jump to navigation

Are algorithms copyrightable ? December 4, 2006

Posted by Imran Ghory in Copyright, Software development.
38 comments

(disclaimer: I am not a lawyer, this article is personal opinion)

If I was asked a few days ago “can an algorithm be copyrighted ?”, I would have replied with the canned answer “no, of course not, copyright protects the expression of an idea, not the idea that’s expressed.”

However since reading Hart & Fazzani’s Intellectual Property Law (part of the Palgrave law series). I was no longer convinced so I decided to google to see if anyone else had discussed it. But other than the canned answer I gave above I couldn’t find any firm evidence supporting the uncopyrightable status of algorithms. And during my searches I found the submission policy of ACM Algorithms which clearly indicates that they at least believe some algorithms to be copyrightable.

Generally speaking if you translate a program from one programming language to another then you have to have permission from the original author of the program (in the same way you would need permission to translate a book from say English into Spanish). The Palgrave book specifically gives the example of translating from FORTRAN to COBOL as being a type of “adaptation” that requires permission. In Canada Apple Computer Inc v Mackintosh Computers Ltd. came to a similar conclusions.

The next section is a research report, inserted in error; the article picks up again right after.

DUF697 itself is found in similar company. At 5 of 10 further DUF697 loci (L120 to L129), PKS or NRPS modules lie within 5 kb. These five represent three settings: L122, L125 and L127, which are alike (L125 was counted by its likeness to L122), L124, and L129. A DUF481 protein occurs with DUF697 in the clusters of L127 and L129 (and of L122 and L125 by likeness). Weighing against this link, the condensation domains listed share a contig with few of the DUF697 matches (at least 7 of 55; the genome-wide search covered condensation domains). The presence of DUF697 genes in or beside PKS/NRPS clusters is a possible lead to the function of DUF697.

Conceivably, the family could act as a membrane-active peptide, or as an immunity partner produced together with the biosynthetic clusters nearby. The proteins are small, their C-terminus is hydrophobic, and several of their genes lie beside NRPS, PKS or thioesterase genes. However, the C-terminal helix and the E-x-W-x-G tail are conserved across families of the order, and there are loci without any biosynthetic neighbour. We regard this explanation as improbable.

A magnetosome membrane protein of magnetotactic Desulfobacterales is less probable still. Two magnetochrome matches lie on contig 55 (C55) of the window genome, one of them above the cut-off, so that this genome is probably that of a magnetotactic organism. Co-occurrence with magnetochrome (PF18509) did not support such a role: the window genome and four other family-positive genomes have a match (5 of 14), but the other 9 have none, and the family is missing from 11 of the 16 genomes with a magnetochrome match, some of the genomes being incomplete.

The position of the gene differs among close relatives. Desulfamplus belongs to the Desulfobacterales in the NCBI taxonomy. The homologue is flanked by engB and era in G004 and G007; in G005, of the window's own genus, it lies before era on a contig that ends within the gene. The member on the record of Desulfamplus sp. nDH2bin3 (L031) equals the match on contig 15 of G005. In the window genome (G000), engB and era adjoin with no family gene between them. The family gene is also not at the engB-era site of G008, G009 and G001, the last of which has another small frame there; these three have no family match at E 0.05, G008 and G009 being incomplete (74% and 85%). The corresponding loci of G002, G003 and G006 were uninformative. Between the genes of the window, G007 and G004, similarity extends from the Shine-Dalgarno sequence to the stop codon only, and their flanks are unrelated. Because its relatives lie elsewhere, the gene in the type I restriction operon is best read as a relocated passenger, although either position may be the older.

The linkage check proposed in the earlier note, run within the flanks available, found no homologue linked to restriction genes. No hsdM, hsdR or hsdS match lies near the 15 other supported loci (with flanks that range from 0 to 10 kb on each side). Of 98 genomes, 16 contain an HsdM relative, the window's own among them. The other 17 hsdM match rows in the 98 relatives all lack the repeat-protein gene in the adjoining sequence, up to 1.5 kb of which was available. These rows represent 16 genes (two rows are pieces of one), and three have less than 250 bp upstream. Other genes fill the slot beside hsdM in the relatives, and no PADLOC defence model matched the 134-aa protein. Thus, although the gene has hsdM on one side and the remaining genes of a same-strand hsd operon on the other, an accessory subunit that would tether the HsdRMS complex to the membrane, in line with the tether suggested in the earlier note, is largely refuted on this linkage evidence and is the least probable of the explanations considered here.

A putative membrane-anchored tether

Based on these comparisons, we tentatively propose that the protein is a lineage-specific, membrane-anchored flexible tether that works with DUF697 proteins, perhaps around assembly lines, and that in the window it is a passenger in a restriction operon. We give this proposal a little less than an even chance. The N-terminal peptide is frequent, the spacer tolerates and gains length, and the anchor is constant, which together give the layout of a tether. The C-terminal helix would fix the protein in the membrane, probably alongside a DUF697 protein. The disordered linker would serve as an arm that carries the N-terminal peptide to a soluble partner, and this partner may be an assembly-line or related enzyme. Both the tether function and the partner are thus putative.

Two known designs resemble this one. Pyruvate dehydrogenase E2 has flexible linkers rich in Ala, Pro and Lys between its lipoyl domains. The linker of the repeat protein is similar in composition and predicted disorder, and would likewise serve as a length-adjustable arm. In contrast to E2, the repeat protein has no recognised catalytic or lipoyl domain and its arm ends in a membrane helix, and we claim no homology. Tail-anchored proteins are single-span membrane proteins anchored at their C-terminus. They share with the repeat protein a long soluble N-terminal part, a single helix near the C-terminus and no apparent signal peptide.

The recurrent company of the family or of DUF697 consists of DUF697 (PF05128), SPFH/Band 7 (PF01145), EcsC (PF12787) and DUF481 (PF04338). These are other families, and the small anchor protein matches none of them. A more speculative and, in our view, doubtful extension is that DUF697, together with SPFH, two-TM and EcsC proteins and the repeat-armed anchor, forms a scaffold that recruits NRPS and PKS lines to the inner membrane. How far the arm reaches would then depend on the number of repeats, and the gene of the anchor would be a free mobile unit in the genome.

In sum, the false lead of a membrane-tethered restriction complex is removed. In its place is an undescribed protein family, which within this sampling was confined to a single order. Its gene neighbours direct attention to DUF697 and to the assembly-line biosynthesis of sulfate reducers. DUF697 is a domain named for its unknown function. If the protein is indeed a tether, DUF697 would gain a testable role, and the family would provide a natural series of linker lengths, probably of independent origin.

So why should translating an algorithm from pseudo-code into an programming language be any different, I’m sure most implementations of binary search are based on text-book pseudo-code rather than derivation from first-principles.

The obvious counter-response for this has been that if an idea can only be expressed in one form then it’s not copyrightable. However in the UK at least this doesn’t appear to be true if the idea is sufficiently complex. In the case Ibcos Computers Ltd v Barclays Mercantile Highland Finance Ltd (1994) which is one of the most important software copyright cases in the UK it was decided that “copyright cannot prevent the copying of a mere general idea but can protect the copying of a detailed idea” and this is a decision which has been referred to and affirmed in a number of court cases since that time.

And “detailed idea” is a concept which will almost certainly apply to most modern algorithms. As far as I know no-one’s ever taken an algorithm copyright case to court (possibly because such court cases over algorithms have traditionally been in the US where patent law can be applied instead of copyright), but it could just be a matter of time before it happens and possibly opens up a huge can of worms.

Advertisements